Where to retire if you want outside the U.S. and you also want to live on your Social Security check- which is what something more than one-third of us will do? Read on for a short list of places that deserve a second look, maybe more. They are affordable. The weather is nice. The politics are (reasonably) stable. Americans are welcome (though you may have to learn at least a little of a foreign tongue).
Expect the unexpected.
Steve Repak, a certified financial planner, particularly pointed to a town called Dumaguete City.
“Dumaguete City is known as ‘The City of Gentle People’ because of, you guessed it, its friendly people," he said. "From New York’s JFK to Dumaguete, Philippines, you can expect to be on an airplane from 25 to 29 hours with at least two stops, but don’t let that long flight scare you, since a couple could retire there on as little as $1,000 a month in U.S. dollars.”
Counselor Ethan Gregory elaborated on what he likes about the Philippines.
“I vote for the Philippines as my best retirement location," he said. "You can own a new condo in a major City like Manila or Cebu for about $40,000. You have First World entertainment, shopping and world-class beaches nearby. The medical treatment is up and coming in the bigger cities. The country speaks and does business in English.”
The United States, incidentally, effectively ruled the Philippines from 1898 until the Japanese invaded in World War II. The U.S. regained control in 1945 and spun out the Philippines as independent in 1946.
Lain Livingston, who blogs at ExpatKingdom.com, strongly urged retirees to check out Uruguay, a small South American country (3.4 million people) that borders Argentina and Brazil, but, said Livingston, it largely lacks the expensive glitz of either neighbor. Even in the capital, Montevideo, a city center apartment can be rented for perhaps $500 monthly. Go outside the capital - Livingston pointed to a favorite town called Piriapolis - and the cost of living tumbles.
The lifestyle, suggested Livingston, is a mix of Spanish colonial with Italian and an admixture of indigenous people. Call it Latin laidback.
He added that one drawback - though for some a plus - is that Uruguayans eat a lot of steak. A lot.
Now for something unexpected - except Cyprus, the third biggest island in the Mediterranean, should not be. That’s because for generations, Brits and some Americans have retired to Greece, where the living is easy and cheap, especially outside Athens, the capital. Now huge uncertainties about Greece’s future- will it be booted out of the euro, out of the European Union, due to years of governmental budgetary mischief - have many foreigners shaking their head in worry.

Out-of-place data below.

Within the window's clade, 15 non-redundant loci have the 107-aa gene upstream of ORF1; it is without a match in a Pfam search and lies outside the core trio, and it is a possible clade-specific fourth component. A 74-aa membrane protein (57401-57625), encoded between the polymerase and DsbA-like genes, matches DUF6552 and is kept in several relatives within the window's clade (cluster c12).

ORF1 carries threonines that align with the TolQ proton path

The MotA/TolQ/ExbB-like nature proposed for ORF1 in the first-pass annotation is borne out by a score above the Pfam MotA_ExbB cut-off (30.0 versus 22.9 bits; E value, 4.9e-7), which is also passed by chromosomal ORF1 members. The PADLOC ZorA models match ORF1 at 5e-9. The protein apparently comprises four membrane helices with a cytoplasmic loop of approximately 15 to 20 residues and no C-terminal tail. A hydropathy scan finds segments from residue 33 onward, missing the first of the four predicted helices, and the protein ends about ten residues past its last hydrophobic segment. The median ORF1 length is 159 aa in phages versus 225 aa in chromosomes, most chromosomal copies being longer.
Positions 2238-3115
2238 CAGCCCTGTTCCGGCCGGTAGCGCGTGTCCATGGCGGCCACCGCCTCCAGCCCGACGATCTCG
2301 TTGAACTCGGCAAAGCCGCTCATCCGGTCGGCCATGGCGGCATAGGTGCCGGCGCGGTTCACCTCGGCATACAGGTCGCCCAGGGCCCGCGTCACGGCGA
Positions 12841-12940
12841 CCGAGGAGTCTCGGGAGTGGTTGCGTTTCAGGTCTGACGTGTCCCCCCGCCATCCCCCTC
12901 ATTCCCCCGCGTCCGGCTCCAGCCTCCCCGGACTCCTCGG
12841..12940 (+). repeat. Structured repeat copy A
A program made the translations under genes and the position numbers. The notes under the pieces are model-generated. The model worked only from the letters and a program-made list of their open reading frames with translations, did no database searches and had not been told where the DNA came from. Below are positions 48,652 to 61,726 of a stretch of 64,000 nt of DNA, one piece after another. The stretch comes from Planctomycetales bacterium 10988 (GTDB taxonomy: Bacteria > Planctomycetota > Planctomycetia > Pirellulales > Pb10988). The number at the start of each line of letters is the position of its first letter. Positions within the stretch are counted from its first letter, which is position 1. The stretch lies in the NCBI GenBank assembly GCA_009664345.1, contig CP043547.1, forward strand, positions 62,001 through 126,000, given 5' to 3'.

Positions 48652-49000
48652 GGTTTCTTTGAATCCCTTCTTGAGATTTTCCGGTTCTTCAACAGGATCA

Enter Cyprus, which looks exactly like any other Greek island (there are hundreds), except most of it is an independent republic (and a member of the European Union) and the northern part is claimed by Turkey. Westerners, generally, head to the Republic, although both parts are said to be safe.
“It's one of the very beautiful places in the world, with its strong cultural heritage, magnificent beaches, local produce and availability of all the conveniences of a modern European country," said Mariya De Vua, director of DEVUA Consulting Limited, which provides consulting services to foreigners and also locals. "The combination of the warm climate, widely spoken English language (as a second language), very low crime rate, excellent and inexpensive health care, combined with other benefits of a low cost living would be an ideal place for retirement.”
You wanted something actually on the Continent? Here’s your ticket. Planner Repak particularly plugged the Algarve, a region on the Mediterranean.
“There is always something going on in Algarve, Portugal," he said. "Known for clean beaches and their nature trails in the Ria Formosa, Monchique and Caldeirao mountains, Algarve is one of the safest and budget friendly places to retire where a couple can live out their retirement years on about $1,500 a month.”
Repak added: “English, French, German, and Spanish are widely spoken.”
Others like Lisbon - the sophisticated capital with a lot of big city charm. Its cost of living is usually near or at the bottom of other leading, European Union capitals.
It’s on the rebound, said Livingston. Narcotics wars scared many Americans away - especially retirees - but, said Livingston, “Mexico will have a surge again."
The location is unbeatable for Americans. Air links are plentiful.
The narco wars seem to have quieted, just as they have in recent years in Colombia, once a warzone, now a tourism hotspot.
As for the prices in Mexico, in most towns with expat populations, the cost of living still runs at maybe half that of a U.S. or Canadian big city. A few thousand dollars monthly - comfortably within Social Security for many of us - will buy a pleasant lifestyle.
And good healthcare - a concern for just about all retirees - is as close as a fast flight to San Diego, Phoenix or Houston where, of course, Medicare is accepted (it is not abroad, in most cases). That may make Mexico the comeback kid on tomorrow’s retirement circuit.
This article is commentary by an independent contributor. At the time of publication, the author held TK positions in the stocks mentioned.